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posted by mrbluze on Wednesday March 26 2014, @04:50AM   Printer-friendly
from the no-really-I-am-actually-doing-work dept.
An anonymous coward links to an article from the Economist about "American officials who play board games to understand war:

Paul Vebber, a gameplay instructor in the navy, says that in the past decade the government has started using strategy board games much more often. They do not help predict outcomes. For that, the Pentagon has forecasting software, which it feeds with data on thousands of variables such as weather and weaponry, supply lines, training and morale. The software is pretty accurate for "tight, sterile" battles, such as those involving tanks in deserts, says an intelligence official. Board games are useful in a different way. They foster the critical but creative thinking needed to win (or avoid) a complex battle or campaign, he says.

The article goes on to explain that board games are advantageous over computer-based games for what is essentially a simulation: can constantly tweak the rules to take account of new insights, says Timothy Wilkie of the National Defence University in Washington, DC. With computer games, this is much harder. Board games can also illuminate the most complex conflicts.

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  • (Score: 3, Interesting) by VLM on Wednesday March 26 2014, @12:54PM

    by VLM (445) on Wednesday March 26 2014, @12:54PM (#21457)

    "Campaign for North Africa"

    I LOLed at the BGG line "Playing Time 60000 minutes"

    The 80s were a magic era for ultra long format wargames. Roughly contemporary with that era, some friends of mine were into an epic starfleet wargame, name of which I forget, simulating in great detail the battle between the federation and the romulan star empire. Took them the entire summer and they didn't nearly finish.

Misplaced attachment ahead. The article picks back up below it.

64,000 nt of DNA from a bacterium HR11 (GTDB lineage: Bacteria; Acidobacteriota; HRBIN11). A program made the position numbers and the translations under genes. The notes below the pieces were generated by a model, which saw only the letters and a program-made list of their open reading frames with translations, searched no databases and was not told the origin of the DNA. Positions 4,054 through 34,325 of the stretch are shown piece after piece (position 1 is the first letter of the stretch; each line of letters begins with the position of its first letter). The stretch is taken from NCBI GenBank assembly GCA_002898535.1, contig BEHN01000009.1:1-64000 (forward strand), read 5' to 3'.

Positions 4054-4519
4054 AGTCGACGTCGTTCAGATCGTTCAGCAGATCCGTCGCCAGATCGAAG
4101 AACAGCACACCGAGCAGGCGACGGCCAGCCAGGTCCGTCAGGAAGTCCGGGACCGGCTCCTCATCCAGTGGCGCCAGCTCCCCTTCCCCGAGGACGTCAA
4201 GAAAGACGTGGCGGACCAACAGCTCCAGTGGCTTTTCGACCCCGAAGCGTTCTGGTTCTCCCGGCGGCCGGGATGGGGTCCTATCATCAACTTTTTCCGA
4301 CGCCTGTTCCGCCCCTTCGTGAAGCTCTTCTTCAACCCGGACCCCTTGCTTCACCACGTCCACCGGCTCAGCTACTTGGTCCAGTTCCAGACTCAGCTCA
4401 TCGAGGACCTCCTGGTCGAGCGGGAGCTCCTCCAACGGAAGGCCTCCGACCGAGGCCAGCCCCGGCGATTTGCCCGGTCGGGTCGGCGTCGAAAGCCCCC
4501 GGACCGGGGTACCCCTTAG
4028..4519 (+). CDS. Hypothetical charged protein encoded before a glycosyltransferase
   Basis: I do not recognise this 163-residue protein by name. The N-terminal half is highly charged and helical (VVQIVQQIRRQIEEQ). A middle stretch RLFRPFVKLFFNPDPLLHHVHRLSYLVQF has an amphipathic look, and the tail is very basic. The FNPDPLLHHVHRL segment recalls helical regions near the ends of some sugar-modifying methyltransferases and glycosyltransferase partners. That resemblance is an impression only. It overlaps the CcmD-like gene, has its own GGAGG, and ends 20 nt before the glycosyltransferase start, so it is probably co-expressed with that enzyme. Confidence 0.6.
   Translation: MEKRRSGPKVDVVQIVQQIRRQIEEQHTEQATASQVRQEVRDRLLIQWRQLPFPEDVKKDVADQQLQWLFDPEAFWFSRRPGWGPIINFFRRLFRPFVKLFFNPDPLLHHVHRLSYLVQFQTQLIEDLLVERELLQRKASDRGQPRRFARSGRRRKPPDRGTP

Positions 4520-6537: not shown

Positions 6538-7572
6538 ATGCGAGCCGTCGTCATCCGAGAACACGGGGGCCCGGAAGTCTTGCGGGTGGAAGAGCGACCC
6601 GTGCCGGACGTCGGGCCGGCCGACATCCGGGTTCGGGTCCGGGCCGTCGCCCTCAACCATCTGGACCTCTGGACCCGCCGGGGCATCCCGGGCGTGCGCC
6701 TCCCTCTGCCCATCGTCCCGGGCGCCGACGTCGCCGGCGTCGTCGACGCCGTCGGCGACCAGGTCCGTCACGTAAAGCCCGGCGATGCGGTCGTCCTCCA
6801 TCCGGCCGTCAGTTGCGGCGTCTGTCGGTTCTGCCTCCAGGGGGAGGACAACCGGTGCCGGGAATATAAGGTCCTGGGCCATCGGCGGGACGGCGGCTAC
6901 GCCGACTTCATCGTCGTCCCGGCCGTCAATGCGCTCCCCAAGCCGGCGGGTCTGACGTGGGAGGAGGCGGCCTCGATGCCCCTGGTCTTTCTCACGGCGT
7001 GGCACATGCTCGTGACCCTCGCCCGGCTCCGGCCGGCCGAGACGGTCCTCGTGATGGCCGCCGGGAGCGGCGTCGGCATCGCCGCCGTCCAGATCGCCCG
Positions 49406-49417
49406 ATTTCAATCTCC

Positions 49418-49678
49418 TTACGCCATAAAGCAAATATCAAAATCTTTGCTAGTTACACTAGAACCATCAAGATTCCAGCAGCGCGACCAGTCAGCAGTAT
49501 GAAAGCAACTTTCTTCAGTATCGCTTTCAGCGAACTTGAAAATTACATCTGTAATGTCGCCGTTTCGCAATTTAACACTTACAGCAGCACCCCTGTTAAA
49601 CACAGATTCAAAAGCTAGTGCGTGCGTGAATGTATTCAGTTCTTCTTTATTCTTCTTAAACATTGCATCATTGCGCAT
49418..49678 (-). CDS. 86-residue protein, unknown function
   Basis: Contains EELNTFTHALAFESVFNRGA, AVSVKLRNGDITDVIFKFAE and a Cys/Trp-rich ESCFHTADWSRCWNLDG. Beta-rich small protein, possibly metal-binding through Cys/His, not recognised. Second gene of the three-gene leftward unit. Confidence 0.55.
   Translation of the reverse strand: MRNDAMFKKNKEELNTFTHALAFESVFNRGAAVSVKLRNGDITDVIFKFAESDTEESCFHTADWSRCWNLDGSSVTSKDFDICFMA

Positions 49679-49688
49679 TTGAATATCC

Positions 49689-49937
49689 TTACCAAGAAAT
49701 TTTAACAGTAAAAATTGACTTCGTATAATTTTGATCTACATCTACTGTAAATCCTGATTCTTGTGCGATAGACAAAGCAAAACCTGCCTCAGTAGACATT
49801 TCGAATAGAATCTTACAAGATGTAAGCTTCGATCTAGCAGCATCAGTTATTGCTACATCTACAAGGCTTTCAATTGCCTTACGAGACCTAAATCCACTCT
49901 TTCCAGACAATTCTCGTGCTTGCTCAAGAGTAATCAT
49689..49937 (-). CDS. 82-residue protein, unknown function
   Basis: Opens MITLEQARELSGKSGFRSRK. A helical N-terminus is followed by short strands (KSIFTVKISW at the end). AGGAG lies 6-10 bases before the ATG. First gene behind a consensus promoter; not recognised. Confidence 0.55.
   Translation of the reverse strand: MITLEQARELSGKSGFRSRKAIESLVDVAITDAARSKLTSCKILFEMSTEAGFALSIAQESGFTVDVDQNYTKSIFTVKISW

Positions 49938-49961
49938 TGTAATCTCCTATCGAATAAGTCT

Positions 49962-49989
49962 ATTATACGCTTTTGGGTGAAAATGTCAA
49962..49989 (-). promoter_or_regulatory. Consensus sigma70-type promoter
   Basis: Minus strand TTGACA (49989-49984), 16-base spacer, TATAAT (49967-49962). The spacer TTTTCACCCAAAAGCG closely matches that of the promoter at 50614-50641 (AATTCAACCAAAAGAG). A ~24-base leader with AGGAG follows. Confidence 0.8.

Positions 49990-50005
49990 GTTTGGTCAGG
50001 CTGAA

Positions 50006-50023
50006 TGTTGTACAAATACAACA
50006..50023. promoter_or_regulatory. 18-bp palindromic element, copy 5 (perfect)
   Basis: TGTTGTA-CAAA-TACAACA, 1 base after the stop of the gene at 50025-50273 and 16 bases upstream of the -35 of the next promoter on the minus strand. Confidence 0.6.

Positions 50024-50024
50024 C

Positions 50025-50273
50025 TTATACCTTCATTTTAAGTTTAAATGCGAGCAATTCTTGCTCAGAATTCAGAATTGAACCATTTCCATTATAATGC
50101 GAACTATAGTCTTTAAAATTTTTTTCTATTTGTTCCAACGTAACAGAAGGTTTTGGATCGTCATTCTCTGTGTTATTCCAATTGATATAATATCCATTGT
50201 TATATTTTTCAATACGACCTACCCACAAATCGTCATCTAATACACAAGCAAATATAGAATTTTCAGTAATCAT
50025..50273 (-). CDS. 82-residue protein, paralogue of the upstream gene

Around the same era there was a full WWII simulation, again, takes the whole basement for almost real time to play thru. 10K counters and statistics like that.

    One thing I do know about wargames, even the "normal" duration ones, is in a battle between the common american housecat and some counters, the cat always wins. So I never got into this "takes 4 years to play the game" deal.

    In this modern era of "print posters on demand" and laser cutting and 3-d printers I've got an idea stuck in my brain that I could produce and CC license a pretty good epic scale wargame in the 1000 hour class. Maybe someday when I retire...

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  • (Score: 2) by VLM on Wednesday March 26 2014, @01:03PM

    by VLM (445) on Wednesday March 26 2014, @01:03PM (#21463)

    "name of which I forget"

    I searched and its Federation and Empire. And a game only takes 5-10 hours unless you buy the 20 or so add on packages so you can tactically simulate star fleet marine individual combat instead of just rolling the dice to see if you take the station, or tactically simulate resource production and logistics instead of just rolling dice. Then, if you own and use all the addons, one game takes all summer. I think the romulan star empire was winning when they went back to school.